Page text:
If there is one sauce that has captured the heart of pasta-lovers the world over, it is Ragu Bolognese. That deliciously chunky meat sauce with a rich red wine and tomato base that clings perfectly to long flat pasta, ready to be twirled onto a fork. It is hard to imagine that the pasta-eating experience wasn't always this way.
Originally known as "the devil's fruit", the humble tomato almost never made it into the recipe books. When it was brought across the ocean to Europe from its native South America just 500 years ago, the firey red fruit was treated with suspicion for hundreds of years. After being featured in love potions during the Middle Ages, the more open-minded cooks of the post-Renaissance made it go mainstream. By the time of Italy's unification in 1861, pasta with tomato sauce and herbs was embraced as a national dish - the culinary symbol of the red, white and green of the Italian flag. But something was still missing...
Around the same time in neighbouring France, ragout meat stew was gaining popularity. Originally served on its own or with couscous, when the recipe finally reached Bologna, the pasta-loving Italians thought "let's put it on top of the tagliatelle!" - and Ragu alla Bolognese was born. By the time the trend made it to the tomato-growing south of Italy, Ragu had evolved into the more tomato-based meaty red sauce that came to be known around the world as simply Bolognese.
Where the tradition calls for a 3 to 4 hour slow-cooked endeavour, our version of the classic recipe has been adapted for the modern world - where you might have just one hour to spare and you've got that hankering for a hearty sauce on a weeknight. With some key ingredients and tips, Ragu Bolognese in under an hour can be done!
Check out the Notes at the end for the extended Sunday lunch version.
250g beef mince
1 Italian pork sausage, skin removed
1 red onion, finely chopped
1 clove garlic, finely chopped
1 glass red wine
1 glass whole milk
400g tomato passata puree
1 tbs butter
2 tsp fresh rosemary, finely chopped
1 1/2 tsp sea salt, and some extra to taste
Grated parmesan cheese, to taste
120 g tagliatelle all’uovo *
1. Gather your ingredients while pre-heating a stainless steel pan on medium heat. Turn the heat to low, add some oil and slowly fry the onions for 2-3 minutes, stirring continuously until they turn translucent.
2. Turn up the heat to medium, add the garlic and fry for 30 seconds, then add the beef mince and sausage filling to the pan, stir until all meats are well browned. Add the glass of wine. If any meat has stuck to the pan, as the wine bubbles it will deglaze the bottom of the pan and loosen any crispy pieces into the sauce which boosts the flavour.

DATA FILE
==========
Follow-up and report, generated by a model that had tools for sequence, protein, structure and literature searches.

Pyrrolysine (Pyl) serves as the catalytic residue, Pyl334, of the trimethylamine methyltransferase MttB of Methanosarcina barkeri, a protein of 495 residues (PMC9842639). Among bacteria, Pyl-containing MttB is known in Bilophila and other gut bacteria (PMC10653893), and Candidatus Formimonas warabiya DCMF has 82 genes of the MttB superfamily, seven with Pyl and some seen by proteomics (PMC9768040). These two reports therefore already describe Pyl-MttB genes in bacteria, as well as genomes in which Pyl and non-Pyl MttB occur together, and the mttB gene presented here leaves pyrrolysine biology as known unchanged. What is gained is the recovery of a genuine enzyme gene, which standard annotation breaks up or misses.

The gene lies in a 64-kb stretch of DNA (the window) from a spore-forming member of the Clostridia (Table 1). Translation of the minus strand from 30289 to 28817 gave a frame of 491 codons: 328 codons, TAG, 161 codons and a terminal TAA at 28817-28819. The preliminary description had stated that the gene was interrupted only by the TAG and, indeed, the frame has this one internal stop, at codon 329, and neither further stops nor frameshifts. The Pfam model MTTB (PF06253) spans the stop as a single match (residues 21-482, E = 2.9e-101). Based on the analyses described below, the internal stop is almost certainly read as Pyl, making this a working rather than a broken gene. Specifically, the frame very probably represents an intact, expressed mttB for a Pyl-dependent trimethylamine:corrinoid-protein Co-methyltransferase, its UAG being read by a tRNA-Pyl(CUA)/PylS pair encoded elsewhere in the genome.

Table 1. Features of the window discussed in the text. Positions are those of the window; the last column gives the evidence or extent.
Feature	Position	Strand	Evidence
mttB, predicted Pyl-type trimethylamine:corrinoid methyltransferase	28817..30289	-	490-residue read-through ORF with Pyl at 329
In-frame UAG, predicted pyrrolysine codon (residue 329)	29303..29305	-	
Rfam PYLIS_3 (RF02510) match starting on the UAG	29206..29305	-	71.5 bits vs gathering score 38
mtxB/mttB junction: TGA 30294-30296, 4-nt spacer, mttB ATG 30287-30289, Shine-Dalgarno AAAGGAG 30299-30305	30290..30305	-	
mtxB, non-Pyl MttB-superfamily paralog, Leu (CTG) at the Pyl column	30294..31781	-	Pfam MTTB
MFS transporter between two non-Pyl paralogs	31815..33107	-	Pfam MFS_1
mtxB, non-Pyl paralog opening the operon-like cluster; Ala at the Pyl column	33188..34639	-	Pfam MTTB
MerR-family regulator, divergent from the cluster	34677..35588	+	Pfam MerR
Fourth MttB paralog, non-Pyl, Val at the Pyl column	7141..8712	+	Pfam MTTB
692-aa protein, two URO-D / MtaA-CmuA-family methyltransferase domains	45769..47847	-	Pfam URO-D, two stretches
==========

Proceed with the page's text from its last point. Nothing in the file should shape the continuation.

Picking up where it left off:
3. Add the tomato passata and a cup of water, stir well and cover the pan with lid. Bring the sauce to a boil, then add salt, stir to dissolve, add milk and stir in well. Add chopped rosemary and a splash of olive oil, cover and simmer for 45 minutes.
4. Taste your sauce after 45 minutes to see if it needs a pinch of salt. If your sauce is still very watery, turn up the heat and continue simmering for another 10 - 15 minutes. Alternatively, if it is cooking too fast and has dried out, add a cup of water to deglaze, turn down the heat, stir and cover to continue simmering for 5 more minutes. Meanwhile, prepare a pot of boiling salted water for the tagliatelle.
5. Once your sauce has reached a thick juicy consistency, add the butter, stir to melt then turn off the heat. As the sauce cools it will thicken up a little bit more. Add a dash of oil to the pot of boiling water and then cook tagliatelle as per instructions. Drain pasta and add to the pan of sauce, stir to evenly coat, if needed add a dash of olive oil to help blend. Serve topped with extra ragu sauce, grated parmesan and a glass of red wine. Buon appetito!
*120g of tagliatelle (60g per person) is perfect for 2 moderately hungry people. Note that the chunkyness of the sauce when blended with the pasta will make a bulky bowl of pasta. If you're extra hungry add another 30g of pasta.
This recipe calls for red onions, which are traditionally grown in the south of Italy. Super nutritious and high in anti-oxidants, they also make for a sweeter sauce. However, regular brown onions can also be used.
If you can't get your hands on fresh rosemary, dried rosemary or oregano works just as well.
We have used a stainless steel pan, which is a healthy non-reactive cookware option, especially suited to acidic tomato-based sauces.
The extended Sunday lunch version:
If you have an extra couple of hours up your sleeve, the key is to add a "soffritto" to your sauce. The soffritto is part of the traditional Ragu Bolognese recipe and makes for a richer tastier sauce: Just after frying the onions in Step 1, add 1/2 cup finely chopped carrot + 1/2 cup finely chopped celery, fry for 5 - 10 minutes until softened, then continue with Step 2 onwards. Simmer slower for a total cooking time of 2 - 3 hours.